Sunday, July 24, 2016

Evening on the Big River

There are three channels in the river here...formed by two islands.  The smallest channel is behind me.  My toes are actually in that channel.  I am lying on my stomach on the sand at the downstream end of the smaller island.  My elbows are resting on a boat cushion and if I wasn't holding my camera I could reach out and touch the second channel.

At the downsteam end of the second island, Ben and Kyle from Black Earth Angling Company are anchored up in Kyle's boat.  The bass, as Kyle says, "are Crashing."

They know I am here because I asked them to drop me off on this deserted island so I could get some photos of them working over this roving pack of ravenous smallmouth bass.

They are North of me and the sun setting in the west made for some really good light.

The fact that an hour ago, Kyle put me onto what I am sure is the biggest smallmouth of my life  (21 inches) also makes it a little easier to put the rod down and take up my camera.  It ate a topwater fly and a certain level of satiation occurred when I lifted it out of the net, admired it and slid it back into the river.

And so, with a front row seat, I watched and photographed two seasoned anglers and a large hungry school of smallmouth bass do their thing.


Saturday, July 16, 2016

Summer Saturday

It was one of those fishing trips that gets planned over a late breakfast at a local cafe.
One of those good cafes too, with a sheen of bacon grease covering the light fixtures, and a full on breakfast and coffee running under six bucks.

"Why don't we go fish later?"
"I've got a few things to do but I'll call you later."

And then you do your "few things" and you make the call and you grab an 8 weight and throw a couple of beers in a cooler and your buddy shows up with his drift boat and you drive to the river.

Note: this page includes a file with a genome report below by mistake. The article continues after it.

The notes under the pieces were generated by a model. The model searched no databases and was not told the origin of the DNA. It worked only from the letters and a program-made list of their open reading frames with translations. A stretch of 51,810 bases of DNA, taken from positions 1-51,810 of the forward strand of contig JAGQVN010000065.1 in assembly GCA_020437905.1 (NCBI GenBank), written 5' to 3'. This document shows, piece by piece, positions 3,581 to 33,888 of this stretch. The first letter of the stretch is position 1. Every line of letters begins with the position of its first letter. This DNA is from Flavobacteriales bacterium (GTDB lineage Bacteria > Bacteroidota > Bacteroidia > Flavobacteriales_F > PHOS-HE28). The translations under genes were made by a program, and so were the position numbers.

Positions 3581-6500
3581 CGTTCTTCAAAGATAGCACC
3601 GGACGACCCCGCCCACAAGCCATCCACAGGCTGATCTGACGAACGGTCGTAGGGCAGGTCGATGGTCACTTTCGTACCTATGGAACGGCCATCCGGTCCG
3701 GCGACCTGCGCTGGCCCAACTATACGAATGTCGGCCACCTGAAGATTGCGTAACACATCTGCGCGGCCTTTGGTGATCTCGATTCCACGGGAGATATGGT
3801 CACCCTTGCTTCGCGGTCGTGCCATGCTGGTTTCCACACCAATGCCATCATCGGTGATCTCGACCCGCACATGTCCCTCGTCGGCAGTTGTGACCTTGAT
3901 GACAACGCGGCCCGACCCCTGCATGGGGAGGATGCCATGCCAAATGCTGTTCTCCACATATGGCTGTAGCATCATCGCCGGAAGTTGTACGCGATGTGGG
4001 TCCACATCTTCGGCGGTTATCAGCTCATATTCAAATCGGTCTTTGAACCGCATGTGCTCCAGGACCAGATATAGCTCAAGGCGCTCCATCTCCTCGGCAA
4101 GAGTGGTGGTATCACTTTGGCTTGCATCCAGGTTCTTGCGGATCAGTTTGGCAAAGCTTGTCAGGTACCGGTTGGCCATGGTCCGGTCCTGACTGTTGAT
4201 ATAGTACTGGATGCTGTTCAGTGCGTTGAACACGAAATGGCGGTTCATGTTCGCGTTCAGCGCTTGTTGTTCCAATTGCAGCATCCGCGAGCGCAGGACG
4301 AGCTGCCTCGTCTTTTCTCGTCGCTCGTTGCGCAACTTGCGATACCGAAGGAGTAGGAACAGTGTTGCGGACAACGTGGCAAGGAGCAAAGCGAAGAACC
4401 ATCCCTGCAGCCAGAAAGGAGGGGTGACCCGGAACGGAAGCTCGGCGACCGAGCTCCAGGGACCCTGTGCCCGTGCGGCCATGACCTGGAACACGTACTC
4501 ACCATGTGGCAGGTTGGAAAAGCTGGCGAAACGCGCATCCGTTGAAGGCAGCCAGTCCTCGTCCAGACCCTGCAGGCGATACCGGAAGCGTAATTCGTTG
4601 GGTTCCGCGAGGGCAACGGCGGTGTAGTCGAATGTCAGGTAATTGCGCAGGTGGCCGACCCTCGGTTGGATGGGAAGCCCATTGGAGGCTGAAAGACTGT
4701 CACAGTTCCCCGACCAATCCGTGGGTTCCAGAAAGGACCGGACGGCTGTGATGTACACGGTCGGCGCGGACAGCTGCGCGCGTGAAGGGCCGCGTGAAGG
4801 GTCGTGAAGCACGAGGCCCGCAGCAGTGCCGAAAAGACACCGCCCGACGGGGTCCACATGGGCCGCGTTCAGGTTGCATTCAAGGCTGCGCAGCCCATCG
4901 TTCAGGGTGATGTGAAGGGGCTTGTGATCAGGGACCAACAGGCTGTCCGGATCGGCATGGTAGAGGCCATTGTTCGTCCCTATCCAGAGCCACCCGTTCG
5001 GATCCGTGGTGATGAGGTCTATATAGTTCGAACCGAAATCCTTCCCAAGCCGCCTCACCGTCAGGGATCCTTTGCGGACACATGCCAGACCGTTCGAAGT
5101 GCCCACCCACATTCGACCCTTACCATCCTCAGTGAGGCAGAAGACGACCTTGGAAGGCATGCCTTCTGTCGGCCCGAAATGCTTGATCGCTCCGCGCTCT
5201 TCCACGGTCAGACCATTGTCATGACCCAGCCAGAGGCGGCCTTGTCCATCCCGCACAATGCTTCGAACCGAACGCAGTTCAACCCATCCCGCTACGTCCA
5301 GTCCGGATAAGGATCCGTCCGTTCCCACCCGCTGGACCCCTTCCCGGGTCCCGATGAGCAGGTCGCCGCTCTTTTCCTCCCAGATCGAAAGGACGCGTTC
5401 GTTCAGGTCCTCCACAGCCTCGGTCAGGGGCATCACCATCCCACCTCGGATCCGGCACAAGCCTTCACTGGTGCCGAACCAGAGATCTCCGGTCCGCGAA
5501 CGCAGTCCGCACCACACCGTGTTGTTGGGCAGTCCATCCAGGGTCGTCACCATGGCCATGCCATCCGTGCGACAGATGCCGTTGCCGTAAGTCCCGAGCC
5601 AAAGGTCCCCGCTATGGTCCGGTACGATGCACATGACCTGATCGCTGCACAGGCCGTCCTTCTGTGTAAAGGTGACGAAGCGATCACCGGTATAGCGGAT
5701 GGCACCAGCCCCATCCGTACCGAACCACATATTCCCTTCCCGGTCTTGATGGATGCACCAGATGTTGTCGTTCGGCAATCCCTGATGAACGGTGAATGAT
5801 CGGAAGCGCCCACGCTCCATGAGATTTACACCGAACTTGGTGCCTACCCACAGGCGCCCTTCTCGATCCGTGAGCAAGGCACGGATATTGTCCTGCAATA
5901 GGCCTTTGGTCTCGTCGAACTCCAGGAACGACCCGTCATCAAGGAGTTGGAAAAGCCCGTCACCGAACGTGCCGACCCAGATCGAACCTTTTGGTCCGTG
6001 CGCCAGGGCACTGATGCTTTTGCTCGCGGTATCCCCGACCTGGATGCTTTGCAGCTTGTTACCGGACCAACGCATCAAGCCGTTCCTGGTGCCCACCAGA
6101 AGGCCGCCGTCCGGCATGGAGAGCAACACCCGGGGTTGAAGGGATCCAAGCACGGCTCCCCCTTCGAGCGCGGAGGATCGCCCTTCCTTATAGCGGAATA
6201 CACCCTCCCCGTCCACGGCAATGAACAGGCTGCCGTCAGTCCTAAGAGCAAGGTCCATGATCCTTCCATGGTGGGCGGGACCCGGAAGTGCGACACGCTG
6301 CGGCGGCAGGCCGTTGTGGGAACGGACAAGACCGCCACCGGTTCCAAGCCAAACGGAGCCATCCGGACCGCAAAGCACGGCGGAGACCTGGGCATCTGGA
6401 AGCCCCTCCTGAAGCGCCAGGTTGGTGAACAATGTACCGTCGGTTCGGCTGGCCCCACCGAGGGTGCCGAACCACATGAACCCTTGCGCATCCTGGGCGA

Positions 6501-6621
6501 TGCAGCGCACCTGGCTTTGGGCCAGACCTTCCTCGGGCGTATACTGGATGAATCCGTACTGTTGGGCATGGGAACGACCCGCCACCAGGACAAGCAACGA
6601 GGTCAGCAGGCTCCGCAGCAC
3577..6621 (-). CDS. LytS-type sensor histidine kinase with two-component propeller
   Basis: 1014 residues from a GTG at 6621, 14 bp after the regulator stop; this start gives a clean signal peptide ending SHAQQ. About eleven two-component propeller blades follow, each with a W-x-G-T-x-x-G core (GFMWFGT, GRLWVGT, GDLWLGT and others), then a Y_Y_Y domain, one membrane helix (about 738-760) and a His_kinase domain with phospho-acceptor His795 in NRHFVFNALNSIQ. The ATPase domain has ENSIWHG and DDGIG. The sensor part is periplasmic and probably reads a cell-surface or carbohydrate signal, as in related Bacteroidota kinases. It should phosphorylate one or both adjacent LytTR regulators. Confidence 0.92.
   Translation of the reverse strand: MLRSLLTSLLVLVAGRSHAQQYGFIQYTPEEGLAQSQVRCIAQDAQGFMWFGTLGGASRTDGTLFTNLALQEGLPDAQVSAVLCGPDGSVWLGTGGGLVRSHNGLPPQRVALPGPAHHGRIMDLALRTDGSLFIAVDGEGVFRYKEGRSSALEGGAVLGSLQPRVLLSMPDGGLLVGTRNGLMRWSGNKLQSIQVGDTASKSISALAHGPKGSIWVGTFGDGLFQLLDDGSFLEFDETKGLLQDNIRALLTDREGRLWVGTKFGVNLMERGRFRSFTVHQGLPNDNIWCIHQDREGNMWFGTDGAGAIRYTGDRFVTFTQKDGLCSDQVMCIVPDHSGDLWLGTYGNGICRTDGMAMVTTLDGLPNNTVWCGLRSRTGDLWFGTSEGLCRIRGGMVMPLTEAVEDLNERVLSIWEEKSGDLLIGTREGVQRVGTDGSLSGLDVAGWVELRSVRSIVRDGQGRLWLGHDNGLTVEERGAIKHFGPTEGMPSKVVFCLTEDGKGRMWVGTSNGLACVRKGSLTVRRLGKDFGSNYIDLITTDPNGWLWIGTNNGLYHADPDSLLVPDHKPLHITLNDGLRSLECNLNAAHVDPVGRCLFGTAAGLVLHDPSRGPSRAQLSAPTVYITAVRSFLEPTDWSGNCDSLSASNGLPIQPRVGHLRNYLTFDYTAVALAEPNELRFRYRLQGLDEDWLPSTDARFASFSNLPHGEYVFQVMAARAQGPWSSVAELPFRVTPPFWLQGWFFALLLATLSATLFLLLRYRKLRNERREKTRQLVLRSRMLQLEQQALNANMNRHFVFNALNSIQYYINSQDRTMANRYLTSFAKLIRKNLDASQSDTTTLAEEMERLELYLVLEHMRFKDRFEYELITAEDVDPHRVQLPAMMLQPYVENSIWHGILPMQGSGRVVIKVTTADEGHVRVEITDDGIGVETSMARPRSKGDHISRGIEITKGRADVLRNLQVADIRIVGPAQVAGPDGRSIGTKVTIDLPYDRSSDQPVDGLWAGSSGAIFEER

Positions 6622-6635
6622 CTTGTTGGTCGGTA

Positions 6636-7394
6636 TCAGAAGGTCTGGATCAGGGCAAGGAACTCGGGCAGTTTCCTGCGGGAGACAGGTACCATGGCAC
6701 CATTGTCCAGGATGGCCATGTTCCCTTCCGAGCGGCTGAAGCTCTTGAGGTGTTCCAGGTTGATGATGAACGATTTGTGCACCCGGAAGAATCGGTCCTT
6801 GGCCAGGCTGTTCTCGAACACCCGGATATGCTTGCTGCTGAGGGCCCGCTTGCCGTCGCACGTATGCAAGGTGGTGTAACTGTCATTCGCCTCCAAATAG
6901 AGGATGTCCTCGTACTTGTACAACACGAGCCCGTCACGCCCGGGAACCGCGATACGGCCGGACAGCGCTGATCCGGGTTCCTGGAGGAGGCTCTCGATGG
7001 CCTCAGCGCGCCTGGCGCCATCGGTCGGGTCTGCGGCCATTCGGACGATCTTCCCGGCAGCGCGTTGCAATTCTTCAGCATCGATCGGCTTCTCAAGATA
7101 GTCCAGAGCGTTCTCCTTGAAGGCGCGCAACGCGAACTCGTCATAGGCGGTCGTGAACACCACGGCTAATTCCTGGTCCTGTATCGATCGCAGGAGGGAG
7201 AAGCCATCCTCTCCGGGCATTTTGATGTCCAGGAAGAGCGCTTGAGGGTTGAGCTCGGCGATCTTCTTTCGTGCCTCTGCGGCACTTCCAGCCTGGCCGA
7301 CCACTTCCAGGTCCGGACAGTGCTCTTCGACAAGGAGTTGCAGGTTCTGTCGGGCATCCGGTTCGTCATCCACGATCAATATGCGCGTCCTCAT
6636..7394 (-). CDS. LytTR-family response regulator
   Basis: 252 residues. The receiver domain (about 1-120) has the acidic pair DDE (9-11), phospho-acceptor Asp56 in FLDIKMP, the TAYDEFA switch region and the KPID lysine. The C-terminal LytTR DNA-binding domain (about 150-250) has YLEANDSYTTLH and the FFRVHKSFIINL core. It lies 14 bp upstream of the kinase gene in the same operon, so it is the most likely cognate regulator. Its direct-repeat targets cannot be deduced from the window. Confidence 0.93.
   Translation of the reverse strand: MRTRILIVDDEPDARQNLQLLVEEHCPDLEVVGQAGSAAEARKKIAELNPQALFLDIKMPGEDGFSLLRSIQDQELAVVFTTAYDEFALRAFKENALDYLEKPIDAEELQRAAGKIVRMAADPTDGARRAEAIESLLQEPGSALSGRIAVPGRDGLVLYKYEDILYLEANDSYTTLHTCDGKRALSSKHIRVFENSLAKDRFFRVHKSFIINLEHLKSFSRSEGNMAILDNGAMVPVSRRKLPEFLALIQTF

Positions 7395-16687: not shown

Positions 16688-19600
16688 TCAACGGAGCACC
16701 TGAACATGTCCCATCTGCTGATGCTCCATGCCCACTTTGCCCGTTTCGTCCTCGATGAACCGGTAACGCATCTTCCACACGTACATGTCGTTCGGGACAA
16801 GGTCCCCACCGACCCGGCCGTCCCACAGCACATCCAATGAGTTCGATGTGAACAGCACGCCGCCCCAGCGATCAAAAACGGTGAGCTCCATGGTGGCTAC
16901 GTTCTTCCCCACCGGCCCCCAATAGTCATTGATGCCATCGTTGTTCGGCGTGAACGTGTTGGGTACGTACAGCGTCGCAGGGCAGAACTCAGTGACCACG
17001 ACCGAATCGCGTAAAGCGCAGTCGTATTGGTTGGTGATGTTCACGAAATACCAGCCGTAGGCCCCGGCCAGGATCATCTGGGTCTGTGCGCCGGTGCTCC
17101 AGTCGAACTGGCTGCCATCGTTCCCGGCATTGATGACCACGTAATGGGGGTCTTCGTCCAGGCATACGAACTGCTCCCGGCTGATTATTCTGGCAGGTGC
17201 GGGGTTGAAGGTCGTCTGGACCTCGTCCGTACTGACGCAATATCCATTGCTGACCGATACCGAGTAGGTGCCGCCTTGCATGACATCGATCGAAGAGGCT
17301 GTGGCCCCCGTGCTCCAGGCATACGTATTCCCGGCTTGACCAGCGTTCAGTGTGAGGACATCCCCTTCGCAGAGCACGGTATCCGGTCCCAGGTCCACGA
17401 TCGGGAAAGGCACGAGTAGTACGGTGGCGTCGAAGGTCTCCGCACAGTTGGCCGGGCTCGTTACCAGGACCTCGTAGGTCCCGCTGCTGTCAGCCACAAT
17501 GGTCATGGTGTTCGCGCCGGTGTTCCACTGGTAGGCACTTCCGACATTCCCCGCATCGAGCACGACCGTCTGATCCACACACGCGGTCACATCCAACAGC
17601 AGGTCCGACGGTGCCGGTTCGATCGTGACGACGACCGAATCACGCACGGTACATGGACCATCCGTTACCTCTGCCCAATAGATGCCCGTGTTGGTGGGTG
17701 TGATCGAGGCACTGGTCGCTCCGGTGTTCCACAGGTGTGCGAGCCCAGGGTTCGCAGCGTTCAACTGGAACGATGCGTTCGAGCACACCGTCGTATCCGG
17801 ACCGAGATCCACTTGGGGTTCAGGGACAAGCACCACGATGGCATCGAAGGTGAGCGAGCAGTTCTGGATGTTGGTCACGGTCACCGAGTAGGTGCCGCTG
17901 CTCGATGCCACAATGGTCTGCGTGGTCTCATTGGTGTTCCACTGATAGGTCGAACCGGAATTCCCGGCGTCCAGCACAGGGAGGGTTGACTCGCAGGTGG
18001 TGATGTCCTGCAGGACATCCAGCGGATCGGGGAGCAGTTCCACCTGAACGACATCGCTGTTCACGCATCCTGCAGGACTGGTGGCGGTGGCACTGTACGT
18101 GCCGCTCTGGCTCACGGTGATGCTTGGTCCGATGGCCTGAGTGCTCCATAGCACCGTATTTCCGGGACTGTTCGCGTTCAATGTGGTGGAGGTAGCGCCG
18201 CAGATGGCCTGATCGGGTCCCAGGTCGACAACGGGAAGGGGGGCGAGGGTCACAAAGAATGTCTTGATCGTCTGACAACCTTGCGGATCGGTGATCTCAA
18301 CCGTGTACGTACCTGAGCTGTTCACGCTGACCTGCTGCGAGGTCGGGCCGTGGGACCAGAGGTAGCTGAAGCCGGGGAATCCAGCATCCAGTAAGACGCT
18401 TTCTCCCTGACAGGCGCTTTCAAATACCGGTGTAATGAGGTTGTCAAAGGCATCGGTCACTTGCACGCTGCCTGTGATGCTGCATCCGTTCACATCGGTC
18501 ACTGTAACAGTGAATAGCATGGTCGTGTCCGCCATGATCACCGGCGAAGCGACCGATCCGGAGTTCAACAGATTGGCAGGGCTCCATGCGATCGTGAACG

To be fair, I love the big trips, the missions.  I love the outings where you spend time at your vice a week before you leave, the trips where you actually make a list of things to not forget.

And then there are the summer Saturday trips.  Special in their own way because you are just going fishing.

You arrive at the bottom end of the float and meet your buddy's buddy and then you decide how the shuttle is going to work.  You drive and play chess with cars, making sure that the keys you will need will be in the place you will need them when you get to where you are going.  (This part goes smoothly because chances are fair that earlier in your life you learned the hard way how bad it can suck when you get this part wrong.)

Before you know it, it's a summer Saturday evening and the oars are dripping water between pulls and fly line is exiting and entering the bottom of the boat.  You throw top water flies because you have nothing to prove and if you do get a fish you'd rather see it explode into the setting sun then just feel a tug.

You've been fishing hard since the ice left the lakes in the spring and the July evening feels like a sort of halftime in the season long game.

Fish are caught and celebratory beers are cracked.

It's your turn at the oars and you watch your buddy and his buddy throw to the bank as you move the oars just enough so that they might think you are working for them.

A smallmouth chasing bait explodes fifty yards back upstream and you do the quick calculations factoring in the time of day/available light, river miles left, interest in actually rowing against the current and then you see the hopeful looks from the two guys holding rods.  This cancels all calculations and you pull hard on the oars until you are upstream of the spot where the fish betrayed itself.  You drop the anchor, let out rope and if you are lucky, as you are this evening, the anchor grabs and the anchor line comes tight just as the boat settles in just off the bank from where a second fish now erupts on its dinner.

Flies get crushed, fish blow up and some are caught.  Earlier in the season and certainly earlier in your life you would have added a third fly to fray.  But, it's a summer Saturday in July and you have a camera and a cold beer and it's much easier to heckle when you are watching and not fishing.